There are only 55 trading VLCCs left that were built before 1990 (26 built 1988/89), 3 of which were built in the 1970s. The peak building years were 1993 and 2000, when 39 and 41 VLCCs respectively were delivered. 

The average size of VLCCs is increasing, as in other segments. The average size of those built before the 1980s was 264,299 dwt, whereas the average size of those built in the 1990s was 285,759, and the average size of those built later was 304,745. Only 2 of the VLCCs on order are below 298,300 dwt. 

The LRFairplay database contains some 288 VLCCs with double hull (DH) and 9 with double bottom (DB) or double sides (DS). This means that 38% are SH (including DB or DS) and 62% DH, by number. By dwt, 64% of the VLCC fleet is double hull. The DH share over the next few years will probably mainly increase because of delivery of new DH VLCCs rather than removal of SH VLCCs. By end 2005, when all the VLCCs built 1982 and earlier have been sold for recycling, or otherwise reemployed outside the oil trades, some 65% will be DH and the fleet will have increased by 32 units to 472 VLCCs.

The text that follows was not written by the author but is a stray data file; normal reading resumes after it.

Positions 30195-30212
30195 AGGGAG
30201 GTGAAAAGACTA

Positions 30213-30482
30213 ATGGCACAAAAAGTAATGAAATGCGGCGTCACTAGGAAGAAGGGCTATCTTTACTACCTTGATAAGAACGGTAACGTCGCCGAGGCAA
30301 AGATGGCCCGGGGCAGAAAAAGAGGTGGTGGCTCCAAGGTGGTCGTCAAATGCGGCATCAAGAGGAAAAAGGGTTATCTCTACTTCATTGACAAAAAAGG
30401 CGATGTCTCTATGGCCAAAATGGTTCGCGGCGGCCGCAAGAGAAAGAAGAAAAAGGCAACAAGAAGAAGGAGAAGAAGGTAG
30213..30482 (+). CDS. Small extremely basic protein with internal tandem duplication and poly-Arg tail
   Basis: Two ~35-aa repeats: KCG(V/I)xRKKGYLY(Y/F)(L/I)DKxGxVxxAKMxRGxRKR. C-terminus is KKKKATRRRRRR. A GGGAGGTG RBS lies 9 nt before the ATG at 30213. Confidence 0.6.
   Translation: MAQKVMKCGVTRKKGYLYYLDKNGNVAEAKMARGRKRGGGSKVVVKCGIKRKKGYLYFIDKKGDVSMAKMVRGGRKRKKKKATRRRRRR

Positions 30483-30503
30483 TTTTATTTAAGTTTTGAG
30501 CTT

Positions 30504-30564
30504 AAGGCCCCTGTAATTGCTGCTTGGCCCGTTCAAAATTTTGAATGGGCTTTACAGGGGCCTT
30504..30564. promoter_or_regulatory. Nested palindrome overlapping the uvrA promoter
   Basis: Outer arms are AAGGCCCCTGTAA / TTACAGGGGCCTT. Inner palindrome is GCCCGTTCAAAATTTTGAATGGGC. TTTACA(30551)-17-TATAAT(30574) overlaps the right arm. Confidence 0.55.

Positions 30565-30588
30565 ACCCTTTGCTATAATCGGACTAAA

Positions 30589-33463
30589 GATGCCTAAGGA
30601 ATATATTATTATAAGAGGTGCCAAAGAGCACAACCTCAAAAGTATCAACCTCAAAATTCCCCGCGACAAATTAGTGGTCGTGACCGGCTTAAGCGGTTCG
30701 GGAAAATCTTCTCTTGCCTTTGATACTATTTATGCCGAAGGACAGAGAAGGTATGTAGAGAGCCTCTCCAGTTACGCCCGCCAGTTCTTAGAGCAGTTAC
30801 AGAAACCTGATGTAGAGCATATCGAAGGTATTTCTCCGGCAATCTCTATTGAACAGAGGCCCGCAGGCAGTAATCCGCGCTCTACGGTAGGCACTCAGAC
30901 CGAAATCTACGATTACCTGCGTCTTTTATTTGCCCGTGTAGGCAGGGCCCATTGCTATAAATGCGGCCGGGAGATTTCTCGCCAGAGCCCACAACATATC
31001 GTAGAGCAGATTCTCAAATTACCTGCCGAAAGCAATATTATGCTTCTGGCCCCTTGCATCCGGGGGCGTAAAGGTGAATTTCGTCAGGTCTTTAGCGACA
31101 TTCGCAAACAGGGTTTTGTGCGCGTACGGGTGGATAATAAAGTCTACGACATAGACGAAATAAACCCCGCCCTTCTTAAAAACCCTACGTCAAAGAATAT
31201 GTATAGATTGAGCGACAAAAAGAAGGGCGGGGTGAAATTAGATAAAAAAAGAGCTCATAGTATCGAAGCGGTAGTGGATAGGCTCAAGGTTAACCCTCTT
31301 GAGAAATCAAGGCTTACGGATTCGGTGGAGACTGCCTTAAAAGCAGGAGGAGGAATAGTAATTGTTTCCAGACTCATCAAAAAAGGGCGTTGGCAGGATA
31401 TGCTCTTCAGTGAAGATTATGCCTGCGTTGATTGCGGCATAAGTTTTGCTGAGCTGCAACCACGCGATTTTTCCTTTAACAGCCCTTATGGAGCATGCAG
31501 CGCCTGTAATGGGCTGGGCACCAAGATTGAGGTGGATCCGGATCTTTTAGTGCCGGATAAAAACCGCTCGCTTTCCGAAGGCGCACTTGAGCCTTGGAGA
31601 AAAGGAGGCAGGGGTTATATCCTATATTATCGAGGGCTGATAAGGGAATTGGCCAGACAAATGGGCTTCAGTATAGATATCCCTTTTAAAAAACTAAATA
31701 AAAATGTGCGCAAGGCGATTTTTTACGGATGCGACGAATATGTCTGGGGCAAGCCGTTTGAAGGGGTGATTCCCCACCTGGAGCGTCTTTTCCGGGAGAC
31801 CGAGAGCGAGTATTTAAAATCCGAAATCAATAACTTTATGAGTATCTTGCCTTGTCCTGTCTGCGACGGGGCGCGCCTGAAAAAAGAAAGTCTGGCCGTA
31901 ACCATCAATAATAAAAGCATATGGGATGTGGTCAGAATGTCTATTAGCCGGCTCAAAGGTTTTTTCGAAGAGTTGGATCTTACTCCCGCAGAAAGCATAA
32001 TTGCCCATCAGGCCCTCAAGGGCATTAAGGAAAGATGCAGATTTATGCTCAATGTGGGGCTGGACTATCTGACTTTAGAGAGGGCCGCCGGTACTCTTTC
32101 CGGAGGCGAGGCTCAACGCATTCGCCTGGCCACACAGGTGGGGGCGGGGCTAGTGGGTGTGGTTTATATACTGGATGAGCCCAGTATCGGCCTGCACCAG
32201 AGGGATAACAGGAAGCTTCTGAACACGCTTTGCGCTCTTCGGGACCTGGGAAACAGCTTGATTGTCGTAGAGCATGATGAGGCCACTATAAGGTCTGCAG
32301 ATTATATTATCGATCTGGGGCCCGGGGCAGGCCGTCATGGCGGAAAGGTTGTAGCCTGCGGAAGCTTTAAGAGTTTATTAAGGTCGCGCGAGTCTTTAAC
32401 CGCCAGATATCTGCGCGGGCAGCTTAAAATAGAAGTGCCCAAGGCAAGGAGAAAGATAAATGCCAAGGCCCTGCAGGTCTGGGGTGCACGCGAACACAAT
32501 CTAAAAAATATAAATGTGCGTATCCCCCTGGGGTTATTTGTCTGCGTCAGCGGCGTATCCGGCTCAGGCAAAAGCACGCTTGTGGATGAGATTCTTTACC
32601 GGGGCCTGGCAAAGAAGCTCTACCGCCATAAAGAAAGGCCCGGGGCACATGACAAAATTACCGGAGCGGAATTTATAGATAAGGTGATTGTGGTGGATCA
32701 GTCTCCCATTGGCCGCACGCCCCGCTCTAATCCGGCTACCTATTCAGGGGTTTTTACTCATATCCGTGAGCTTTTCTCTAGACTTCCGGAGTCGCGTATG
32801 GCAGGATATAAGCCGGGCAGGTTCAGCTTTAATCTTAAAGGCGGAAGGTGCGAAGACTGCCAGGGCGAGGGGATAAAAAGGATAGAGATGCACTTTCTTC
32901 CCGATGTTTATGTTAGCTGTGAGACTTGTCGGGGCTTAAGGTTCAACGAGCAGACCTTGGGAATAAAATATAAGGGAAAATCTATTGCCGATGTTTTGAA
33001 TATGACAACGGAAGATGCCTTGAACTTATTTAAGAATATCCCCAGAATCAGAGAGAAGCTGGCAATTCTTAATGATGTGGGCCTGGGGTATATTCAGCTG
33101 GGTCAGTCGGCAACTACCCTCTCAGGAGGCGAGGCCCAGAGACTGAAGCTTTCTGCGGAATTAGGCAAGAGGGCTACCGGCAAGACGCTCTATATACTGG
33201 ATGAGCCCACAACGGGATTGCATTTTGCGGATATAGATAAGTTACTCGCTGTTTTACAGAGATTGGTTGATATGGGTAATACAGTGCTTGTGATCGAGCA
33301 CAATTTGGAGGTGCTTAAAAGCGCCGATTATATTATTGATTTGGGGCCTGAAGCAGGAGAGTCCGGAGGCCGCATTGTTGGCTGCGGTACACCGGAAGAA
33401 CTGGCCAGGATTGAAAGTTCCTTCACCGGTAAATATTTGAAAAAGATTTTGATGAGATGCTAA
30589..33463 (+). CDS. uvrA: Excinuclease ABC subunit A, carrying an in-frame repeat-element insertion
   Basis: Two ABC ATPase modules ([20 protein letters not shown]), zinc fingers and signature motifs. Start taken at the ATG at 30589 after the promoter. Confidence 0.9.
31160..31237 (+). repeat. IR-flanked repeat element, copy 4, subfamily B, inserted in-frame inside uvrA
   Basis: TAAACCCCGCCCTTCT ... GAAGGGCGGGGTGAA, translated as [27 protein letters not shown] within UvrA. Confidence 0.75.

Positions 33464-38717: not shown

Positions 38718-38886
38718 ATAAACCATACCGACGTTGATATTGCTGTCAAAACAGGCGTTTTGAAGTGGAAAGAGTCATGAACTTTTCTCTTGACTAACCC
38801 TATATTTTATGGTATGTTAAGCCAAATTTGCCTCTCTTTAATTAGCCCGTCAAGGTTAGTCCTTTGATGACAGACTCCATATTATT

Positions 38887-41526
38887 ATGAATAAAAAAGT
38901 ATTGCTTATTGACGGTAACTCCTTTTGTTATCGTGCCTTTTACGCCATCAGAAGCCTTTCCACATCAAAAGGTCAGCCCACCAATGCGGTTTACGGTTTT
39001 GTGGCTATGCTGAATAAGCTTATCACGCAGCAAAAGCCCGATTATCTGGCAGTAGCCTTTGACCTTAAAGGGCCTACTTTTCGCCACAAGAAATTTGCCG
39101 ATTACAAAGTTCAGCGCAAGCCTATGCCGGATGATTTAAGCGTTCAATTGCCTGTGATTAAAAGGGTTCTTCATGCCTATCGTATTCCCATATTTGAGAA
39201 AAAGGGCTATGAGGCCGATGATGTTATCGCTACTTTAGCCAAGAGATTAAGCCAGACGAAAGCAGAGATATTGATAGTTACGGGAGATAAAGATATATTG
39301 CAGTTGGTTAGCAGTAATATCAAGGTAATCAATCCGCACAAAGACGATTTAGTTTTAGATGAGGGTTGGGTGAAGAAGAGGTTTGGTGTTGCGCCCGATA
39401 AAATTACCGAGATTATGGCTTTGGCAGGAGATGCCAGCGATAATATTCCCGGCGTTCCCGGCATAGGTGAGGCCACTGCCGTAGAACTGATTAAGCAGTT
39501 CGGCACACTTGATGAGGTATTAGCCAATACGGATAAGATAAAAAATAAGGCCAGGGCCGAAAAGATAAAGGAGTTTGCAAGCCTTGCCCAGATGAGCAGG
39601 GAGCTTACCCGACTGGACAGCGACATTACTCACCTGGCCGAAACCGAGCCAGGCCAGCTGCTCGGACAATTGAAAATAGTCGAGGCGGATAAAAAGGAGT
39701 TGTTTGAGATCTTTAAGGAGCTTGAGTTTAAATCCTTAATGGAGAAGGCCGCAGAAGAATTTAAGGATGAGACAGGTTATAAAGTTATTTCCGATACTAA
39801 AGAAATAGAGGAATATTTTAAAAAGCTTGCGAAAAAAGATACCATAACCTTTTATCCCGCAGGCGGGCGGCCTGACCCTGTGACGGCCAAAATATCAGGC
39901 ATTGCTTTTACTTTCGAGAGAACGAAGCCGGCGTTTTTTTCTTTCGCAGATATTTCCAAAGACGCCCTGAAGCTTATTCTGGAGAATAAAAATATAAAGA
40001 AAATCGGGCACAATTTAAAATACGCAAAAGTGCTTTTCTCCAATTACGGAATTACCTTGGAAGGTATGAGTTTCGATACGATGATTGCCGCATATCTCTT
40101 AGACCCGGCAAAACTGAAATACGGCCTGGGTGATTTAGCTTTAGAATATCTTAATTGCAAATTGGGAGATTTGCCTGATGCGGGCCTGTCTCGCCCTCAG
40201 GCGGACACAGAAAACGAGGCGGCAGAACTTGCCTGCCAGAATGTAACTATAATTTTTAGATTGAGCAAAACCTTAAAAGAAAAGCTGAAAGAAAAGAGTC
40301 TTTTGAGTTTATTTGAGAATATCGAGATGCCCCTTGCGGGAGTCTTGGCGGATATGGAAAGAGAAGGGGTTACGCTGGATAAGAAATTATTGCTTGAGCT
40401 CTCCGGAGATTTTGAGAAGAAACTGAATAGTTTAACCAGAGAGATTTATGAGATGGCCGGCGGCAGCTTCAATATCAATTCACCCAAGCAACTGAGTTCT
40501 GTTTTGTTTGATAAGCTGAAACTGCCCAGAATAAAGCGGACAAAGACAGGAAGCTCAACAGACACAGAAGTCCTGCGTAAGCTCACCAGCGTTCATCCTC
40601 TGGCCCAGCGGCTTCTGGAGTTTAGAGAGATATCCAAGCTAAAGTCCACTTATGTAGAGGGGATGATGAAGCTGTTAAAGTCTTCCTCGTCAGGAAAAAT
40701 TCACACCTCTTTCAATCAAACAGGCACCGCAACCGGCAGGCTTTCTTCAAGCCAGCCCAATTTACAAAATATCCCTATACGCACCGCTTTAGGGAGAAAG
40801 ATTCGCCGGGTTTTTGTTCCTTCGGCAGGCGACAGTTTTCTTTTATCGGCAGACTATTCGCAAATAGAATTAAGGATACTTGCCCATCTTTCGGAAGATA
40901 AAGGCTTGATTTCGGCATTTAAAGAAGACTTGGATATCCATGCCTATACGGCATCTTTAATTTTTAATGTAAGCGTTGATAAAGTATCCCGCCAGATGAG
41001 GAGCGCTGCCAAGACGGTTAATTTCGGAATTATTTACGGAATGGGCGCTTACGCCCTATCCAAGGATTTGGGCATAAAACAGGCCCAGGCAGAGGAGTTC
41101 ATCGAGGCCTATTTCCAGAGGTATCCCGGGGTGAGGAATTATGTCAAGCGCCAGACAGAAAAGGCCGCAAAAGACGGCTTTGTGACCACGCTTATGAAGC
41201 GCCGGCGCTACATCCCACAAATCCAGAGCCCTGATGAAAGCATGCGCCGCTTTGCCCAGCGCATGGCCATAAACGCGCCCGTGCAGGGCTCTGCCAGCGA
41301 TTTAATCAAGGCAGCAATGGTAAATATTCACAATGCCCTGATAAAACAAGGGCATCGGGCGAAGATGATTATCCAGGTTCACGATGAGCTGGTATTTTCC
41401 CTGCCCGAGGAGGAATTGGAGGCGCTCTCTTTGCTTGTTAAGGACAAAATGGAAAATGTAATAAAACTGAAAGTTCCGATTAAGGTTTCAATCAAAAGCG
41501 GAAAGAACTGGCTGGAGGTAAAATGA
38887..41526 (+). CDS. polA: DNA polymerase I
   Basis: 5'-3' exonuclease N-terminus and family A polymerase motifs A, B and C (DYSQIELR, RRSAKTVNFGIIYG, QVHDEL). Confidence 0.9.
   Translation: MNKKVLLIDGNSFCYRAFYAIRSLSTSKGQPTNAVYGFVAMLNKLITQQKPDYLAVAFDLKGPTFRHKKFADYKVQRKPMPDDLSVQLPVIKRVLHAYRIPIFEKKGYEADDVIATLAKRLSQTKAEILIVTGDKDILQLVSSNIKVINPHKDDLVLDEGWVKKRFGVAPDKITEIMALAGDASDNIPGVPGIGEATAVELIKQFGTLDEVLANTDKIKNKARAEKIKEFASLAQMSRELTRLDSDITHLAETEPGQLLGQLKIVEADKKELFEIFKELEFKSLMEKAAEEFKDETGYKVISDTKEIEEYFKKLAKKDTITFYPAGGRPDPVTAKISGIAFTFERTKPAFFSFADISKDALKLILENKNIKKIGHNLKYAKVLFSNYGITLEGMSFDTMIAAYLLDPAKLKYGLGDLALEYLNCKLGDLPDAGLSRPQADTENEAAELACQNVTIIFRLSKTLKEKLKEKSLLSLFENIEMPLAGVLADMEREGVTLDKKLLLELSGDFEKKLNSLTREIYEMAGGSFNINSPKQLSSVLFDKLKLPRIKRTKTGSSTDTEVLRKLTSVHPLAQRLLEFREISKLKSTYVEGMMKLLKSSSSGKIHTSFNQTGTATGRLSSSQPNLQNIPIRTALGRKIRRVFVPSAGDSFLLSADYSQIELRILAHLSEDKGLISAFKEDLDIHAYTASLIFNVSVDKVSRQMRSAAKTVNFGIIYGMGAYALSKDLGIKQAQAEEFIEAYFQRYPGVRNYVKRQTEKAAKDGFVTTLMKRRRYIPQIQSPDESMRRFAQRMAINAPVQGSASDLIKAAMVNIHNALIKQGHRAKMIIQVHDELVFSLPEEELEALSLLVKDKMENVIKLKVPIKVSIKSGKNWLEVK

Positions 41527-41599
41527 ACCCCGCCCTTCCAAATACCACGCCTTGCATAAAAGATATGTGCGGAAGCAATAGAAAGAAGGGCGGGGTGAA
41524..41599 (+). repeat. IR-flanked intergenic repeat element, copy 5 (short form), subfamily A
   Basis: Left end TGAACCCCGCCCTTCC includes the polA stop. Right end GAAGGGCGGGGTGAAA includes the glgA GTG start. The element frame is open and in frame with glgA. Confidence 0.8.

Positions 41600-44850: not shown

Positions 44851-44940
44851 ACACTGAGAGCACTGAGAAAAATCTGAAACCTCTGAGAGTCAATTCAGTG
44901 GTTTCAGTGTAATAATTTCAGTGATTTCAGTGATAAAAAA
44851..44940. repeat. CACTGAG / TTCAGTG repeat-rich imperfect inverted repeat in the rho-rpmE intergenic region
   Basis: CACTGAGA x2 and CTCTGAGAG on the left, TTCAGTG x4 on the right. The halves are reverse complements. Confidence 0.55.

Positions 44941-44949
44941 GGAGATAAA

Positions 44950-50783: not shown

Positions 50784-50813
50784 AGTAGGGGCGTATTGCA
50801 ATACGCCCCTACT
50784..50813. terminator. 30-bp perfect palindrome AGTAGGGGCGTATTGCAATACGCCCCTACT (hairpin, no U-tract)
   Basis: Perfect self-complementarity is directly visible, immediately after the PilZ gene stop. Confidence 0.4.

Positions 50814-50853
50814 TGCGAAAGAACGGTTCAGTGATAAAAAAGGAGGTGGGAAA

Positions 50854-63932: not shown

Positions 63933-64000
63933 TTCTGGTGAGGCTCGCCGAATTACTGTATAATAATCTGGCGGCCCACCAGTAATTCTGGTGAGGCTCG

(Different sources are used for the graph and the NITC VLCC order in May is included. The figures are therefore not quite in line with the JG Olsen publication.)